Tuesday 20 June 2023

This Serious Phenomenon

Michael Gove and Keir Starmer, take heed to Mazal Mualem:

There have been multiple verbal and physical attacks by Jews since the beginning of the year against Christians and Christian sites in Jerusalem in what has become a worrying phenomenon. Hate crimes in Jerusalem are nothing new, but they have generally been treated as a fringe occurrence. That perception has changed in the last few months.

Why did two young Jews spit at a disabled priest upon leaving the Greek Orthodox monastery in Jerusalem’s Old City? Why did they threaten another priest who was trying to help their victim with pepper spray? What caused a young Jew to enter the Tomb of the Virgin Mary on Jerusalem’s Mount of Olives with an iron bar and to threaten worshippers with it?

Tag Meir, an anti-racism organization, documented the two events that took place just days apart in March. The group’s chair Gadi Gvaryahu is convinced that these attacks can be attributed to the current rightwing-religious coalition.

Gvaryahu, who documents hate crimes against Christians and Muslims and tracks the authorities’ responses to them, told Al-Monitor he believes that this influence can explain why this year and especially over the last few weeks there has been a disturbing rise in the number of violent attacks and incidents of vandalism targeting Christian clergy, pilgrims and institutions. Victims have been jostled and spat at, religious symbols and icons were defaced and inflammatory graffiti appeared near Christian institutions. Most of these attacks have taken place in Jerusalem’s Old City, near churches and monasteries.

Tag Meir was founded to combat racism perpetrated by Jews against members of other faith groups, explained Gvaryahu. It's very concerned about the uptick in violence. Over the last few months, the list of incidents appearing on his desk has grown long.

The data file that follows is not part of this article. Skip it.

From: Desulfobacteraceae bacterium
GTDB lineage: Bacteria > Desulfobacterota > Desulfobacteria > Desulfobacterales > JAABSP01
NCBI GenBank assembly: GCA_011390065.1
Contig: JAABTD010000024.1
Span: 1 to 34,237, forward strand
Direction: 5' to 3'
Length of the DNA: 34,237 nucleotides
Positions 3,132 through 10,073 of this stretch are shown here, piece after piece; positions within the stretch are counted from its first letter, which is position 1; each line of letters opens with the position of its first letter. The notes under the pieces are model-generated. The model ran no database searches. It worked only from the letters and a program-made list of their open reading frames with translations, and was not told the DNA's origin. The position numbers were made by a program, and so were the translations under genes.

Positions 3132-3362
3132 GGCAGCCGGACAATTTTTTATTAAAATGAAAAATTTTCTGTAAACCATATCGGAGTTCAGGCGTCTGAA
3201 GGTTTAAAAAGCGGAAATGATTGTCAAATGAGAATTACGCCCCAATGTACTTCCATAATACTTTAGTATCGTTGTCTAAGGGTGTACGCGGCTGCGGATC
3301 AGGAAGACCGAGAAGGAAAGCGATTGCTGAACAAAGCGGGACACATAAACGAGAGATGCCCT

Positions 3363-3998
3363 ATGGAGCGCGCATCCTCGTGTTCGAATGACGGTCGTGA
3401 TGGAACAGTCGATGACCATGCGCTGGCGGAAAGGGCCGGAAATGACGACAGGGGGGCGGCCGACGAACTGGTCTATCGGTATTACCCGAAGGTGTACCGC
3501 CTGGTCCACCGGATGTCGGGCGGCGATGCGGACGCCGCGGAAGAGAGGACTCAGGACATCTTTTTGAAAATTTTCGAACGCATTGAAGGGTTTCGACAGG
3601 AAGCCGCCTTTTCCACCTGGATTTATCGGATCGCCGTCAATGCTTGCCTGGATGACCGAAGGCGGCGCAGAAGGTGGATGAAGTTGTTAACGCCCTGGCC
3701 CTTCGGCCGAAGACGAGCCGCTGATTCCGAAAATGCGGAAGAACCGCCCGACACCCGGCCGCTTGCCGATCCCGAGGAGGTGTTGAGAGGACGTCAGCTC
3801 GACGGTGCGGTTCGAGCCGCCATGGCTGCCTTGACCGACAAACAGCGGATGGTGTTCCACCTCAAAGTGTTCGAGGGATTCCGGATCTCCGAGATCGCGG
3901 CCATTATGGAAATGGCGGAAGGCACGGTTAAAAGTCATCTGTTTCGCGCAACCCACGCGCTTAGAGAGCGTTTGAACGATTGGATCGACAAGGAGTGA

Gvaryahu told Al-Monitor that most Knesset members from the Jewish Power party, headed by National Security Minister Itamar Ben-Gvir, advocate for the segregation of Jewish and Arab mothers in maternity wards. They believe that Jews are forbidden from renting or selling apartments to Arabs and that there is no such thing as Jewish terrorists.

He identifies Jewish Power as a party that believes in “Jewish superiority,” an idea that endorses hate crimes and so-called “price tag” attacks on Palestinians in the West Bank and against Christians in Israel, especially Jerusalem.

“The far right considers Christians to be ‘idolaters,’ while surprisingly, Muslims pose less of a problem, at least religiously. This explains the dramatic rise in hate crimes against Christians in Jerusalem and Israel in general since January 2023. The current coalition also explains a similarly dramatic rise in the number of attacks against Palestinians in Judea and Samaria at the same time,” says Gvaryahu.

Laura Wharton is a representative of Meretz in Jerusalem’s city council. She told Al-Monitor that she recently joined Gvarahu on a visit to several churches recently targeted and heard eyewitness testimony. She reported on her findings to the commander of the Jerusalem police and spoke about the issue with Jerusalem’s mayor.